Fault Tolerance is the ability of a system (computer, network, cloud cluster, component, etc.) to continue functioning correctly without interruption during failures. Fault Tolerant systems (or components) prevent disruptions to a system that is considered Safety-Critical System (SCS), Life-Critical System or Mission Critical System. Usually, this requires an understanding of the single points of failure through the multiple critical execution paths in a running system.
The system characteristics of Fault Tolerance High Availability are related in that to achieve high availability, a system must address Fault Tolerance of components on the systems critical paths.
Fault Tolerant systems use redundant (i.e;, spare, backup) components to automatically become available in the event of a component failure to ensure there is no loss of service or data. The ability to use Failover mechanisms to quickly, smoothly and transparently transition to the redundant or backup systems requires a well designed system, with contingency plans and special management processes, hardware or software to ensure the transition. There are some Failover components which are acquired. For example:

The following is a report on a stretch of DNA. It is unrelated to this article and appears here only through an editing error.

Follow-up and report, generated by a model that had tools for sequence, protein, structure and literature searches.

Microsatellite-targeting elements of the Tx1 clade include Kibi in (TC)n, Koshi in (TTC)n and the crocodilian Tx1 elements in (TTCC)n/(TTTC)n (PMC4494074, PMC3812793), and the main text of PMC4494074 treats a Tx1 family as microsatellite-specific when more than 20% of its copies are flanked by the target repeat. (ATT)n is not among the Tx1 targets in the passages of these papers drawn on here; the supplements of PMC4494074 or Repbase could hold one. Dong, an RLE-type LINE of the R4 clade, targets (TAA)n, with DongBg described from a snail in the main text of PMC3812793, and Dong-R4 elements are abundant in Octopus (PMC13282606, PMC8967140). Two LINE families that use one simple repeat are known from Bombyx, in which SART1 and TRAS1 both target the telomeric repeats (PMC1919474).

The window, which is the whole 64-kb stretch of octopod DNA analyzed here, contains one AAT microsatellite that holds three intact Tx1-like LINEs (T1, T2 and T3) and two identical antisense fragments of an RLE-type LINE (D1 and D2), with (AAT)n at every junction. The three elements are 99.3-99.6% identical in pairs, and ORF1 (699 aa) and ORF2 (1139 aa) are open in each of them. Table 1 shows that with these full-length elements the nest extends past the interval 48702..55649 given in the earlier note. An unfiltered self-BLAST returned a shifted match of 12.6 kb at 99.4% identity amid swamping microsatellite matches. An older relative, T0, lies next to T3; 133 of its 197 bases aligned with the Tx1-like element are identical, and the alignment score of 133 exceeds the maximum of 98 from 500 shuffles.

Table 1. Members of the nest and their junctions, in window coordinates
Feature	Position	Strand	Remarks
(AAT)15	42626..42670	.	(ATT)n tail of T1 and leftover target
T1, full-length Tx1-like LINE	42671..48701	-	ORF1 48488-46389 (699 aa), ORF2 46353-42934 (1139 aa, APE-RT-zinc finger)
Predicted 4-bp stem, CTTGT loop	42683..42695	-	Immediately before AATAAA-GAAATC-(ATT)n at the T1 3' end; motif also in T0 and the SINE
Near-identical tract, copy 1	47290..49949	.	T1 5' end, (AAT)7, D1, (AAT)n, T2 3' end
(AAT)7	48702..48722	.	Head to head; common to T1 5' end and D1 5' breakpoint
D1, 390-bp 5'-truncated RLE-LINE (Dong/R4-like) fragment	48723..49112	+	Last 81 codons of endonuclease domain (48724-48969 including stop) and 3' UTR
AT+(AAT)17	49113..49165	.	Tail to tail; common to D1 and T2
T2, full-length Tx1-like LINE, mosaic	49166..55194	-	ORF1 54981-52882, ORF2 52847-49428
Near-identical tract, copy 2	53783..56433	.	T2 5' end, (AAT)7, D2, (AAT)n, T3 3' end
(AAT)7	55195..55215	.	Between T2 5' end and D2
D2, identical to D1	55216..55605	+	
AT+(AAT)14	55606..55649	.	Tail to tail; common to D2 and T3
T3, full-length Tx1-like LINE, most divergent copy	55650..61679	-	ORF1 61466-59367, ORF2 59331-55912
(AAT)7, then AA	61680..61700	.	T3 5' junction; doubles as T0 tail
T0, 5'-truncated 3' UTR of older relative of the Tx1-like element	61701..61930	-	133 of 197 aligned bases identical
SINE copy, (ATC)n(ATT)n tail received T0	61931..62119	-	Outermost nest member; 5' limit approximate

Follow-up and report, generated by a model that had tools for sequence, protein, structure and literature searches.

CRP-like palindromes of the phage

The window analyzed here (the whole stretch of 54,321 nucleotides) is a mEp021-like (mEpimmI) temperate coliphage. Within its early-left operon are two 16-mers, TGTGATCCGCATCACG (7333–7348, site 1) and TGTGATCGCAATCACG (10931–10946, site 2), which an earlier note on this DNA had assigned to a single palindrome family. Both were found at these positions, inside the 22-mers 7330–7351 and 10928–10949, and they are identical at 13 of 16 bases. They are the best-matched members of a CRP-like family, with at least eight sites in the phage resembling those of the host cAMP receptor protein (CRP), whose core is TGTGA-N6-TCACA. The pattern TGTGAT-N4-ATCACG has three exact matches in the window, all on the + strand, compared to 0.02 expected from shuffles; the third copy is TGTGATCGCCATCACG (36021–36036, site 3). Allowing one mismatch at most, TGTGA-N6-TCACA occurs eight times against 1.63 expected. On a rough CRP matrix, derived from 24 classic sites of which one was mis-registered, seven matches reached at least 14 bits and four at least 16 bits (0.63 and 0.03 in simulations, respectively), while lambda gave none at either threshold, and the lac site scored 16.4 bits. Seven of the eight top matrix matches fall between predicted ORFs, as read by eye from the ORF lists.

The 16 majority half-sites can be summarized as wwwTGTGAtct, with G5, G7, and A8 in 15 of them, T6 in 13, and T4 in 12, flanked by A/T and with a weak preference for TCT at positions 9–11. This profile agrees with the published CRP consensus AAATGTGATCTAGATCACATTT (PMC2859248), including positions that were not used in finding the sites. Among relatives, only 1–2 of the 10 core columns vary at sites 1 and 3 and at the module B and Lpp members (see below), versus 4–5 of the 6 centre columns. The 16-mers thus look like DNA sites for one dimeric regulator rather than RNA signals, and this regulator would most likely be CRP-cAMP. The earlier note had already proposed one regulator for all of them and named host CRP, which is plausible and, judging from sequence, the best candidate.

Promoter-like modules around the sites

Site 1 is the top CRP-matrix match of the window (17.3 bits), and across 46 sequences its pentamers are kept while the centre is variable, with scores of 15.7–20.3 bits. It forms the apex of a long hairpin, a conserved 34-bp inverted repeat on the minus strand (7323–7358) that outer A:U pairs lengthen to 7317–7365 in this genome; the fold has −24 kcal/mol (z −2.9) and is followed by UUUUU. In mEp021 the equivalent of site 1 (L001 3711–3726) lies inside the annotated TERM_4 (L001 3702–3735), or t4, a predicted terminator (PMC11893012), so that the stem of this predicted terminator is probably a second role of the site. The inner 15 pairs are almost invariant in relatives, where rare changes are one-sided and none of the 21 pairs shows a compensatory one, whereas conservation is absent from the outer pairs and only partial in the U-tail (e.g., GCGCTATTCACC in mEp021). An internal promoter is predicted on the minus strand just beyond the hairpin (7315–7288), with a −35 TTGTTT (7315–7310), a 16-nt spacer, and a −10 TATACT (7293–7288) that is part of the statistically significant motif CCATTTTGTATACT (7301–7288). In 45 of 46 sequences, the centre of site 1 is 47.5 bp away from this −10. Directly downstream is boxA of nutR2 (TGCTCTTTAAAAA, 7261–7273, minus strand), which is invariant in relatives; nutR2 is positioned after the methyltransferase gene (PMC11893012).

Fault Tolerance needs to be considered in all disaster recovery plans or strategies. For example, Fault Tolerant systems can use the cloud for backups allowing critical systems to quickly be restored. Although these backups are not true immediate failovers, they can offer a longer timeline for fault tolerance recovery. Note: often these backup plans are not geographically local which is particularly important during natural or even human disasters. 1)